It would have made a great nightmare.
Standing in front of the dark gray-encrusted lava flow, Coutinho thought it looked like the head of a crocodile the size of an Airbus. But instead of just two baleful eyes, this beast had dozens of glowing orange windows into its pitiless soul.
A puddle of water hissed, as it turned to steam and vaulted into the air. Ferns and bushes sizzled as the monster fed on them. Heat and fumes spread like the vile breath of a carnivore.
In a dream Coutinho’s feet would have weighed a ton and kept him rooted in place for the lava to overwhelm him. He knew he was awake, because he could stroll back and forth while he watched the crime scene technicians at work. The flow had slowed overnight. It was moving only a few inches per hour, but that still left his team with a short deadline.
One of the Tyvek-suited figures looked up at him.
“I think we’ve got all we’re going to get. Should we pull?”
“Let’s do it,” Coutinho said, a little too fast. He was dreading the moment.
The topic under discussion was the naked body pillowed in the lush grass that covered much of the Puna region of the Big Island. The dead man lay face down, but the back of his head looked familiar.
Coutinho knew what was coming. When the techs grabbed the dead man and pulled, the top half of him would come loose. The longer they waited, the more of him they would lose to the natural crematorium.
Two technicians, both young men, grasped the corpse by the armpits. They pulled. Nothing happened. They dug their heels into the ground and yanked harder. A sucking sound warned Coutinho to clamp down on his gag reflex.
The upper half of the body came loose, releasing the odor of barbecued meat. The two techs staggered in unison but stayed on their feet. A uniformed officer, another young man, turned and ran for a nearby bush. He vomited as if he would never stop.
Coutinho caught himself thinking that the young cop was lucky. The lava would soon consume the evidence of his professional lapse, along with the bush that gave him some privacy.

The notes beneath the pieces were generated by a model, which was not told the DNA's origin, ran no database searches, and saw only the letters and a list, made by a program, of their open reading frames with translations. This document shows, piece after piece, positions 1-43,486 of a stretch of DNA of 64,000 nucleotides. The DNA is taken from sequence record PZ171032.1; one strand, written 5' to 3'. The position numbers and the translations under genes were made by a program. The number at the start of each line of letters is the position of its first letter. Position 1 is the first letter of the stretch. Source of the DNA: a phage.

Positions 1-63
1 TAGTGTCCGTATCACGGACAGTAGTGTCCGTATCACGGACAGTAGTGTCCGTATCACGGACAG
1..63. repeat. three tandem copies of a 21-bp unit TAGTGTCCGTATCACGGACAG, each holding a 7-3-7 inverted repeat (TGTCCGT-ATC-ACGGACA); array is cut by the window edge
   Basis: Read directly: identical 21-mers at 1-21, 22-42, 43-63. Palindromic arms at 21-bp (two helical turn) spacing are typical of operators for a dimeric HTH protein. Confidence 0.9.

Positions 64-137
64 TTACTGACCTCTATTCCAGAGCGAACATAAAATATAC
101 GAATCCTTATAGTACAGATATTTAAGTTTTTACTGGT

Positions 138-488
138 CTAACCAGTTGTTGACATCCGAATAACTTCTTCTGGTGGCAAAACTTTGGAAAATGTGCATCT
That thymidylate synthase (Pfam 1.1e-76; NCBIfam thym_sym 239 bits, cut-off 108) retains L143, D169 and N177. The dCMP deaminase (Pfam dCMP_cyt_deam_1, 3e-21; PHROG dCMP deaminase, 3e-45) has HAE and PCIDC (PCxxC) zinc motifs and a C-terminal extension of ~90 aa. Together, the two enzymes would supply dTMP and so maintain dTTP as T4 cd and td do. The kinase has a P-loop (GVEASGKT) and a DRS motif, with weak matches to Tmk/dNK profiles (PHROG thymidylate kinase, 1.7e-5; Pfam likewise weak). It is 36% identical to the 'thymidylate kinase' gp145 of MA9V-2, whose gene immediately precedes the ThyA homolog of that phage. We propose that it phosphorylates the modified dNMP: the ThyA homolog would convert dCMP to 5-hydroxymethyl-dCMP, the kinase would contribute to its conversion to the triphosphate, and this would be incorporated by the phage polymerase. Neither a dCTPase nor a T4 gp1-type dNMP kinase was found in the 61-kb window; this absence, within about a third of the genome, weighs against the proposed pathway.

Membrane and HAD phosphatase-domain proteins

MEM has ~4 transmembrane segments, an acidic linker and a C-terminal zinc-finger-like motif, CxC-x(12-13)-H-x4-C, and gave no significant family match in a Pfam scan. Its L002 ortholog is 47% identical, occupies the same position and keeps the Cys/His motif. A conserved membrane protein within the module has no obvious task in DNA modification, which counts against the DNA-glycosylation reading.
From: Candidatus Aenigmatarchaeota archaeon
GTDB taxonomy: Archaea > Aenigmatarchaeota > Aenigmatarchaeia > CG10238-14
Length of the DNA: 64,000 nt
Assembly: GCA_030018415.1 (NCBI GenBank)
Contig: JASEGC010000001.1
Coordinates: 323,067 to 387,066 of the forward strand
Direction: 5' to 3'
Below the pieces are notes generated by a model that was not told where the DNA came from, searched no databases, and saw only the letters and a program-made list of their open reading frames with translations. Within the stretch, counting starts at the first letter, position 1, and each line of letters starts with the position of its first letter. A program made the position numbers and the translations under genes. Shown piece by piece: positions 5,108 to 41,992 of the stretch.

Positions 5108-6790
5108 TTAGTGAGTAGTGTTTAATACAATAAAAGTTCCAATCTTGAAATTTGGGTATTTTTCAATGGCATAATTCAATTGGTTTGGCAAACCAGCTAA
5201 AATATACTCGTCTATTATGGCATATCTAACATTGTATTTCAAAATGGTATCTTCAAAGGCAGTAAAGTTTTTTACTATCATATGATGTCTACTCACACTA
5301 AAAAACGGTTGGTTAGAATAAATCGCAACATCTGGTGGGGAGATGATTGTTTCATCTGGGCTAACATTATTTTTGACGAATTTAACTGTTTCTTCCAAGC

The techs flipped the half corpse over.
“I thought so,” said Coutinho. “Zeke Balaguer. His wife is a nurse at Hilo Medical Center.”
“Oh, my God,” came a horrified voice from the designated retching bush. A fresh round of vomiting followed.
“Let’s go see what that’s about,” said Coutinho.
Two hours later he was knocking on the door to a whitewashed box of a house on 130 outside Pahoa. He had told two uniformed officers to wait in their car behind him.
Melanie Balaguer opened the door and stepped out onto the packed dirt in front of the house. Coutinho could forget about an invitation inside.
“Melanie, you know why we’re here.”
“What did Zeke do?”
“Don’t try it. How did you get Zeke to go out there with you?”
“Don’t know what you mean.”
“Or did you kill him here and lug him out there?”
Her silence was as good as a confession. She was big and strong in the way of native Hawaiians, and she was used to hefting patients a lot heavier than a bantamweight like Zeke.
“You remember telling me what you were going to do the next time he stepped out on you?”
She still gave nothing away.
“Getting rid of him out there was a good idea, but the lava slowed down last night. It left half of him for us.”
He turned and signaled. Officer Jenny Freitas, his go-to cop for thinking outside the box, got out of the car and approached. As Coutinho had instructed her, she held a small Styrofoam cooler up for Melanie to see.
“Actually, a little more than half. You threw his junk too far.”
“It’s not something you can practice,” she said.
“Amen to that.”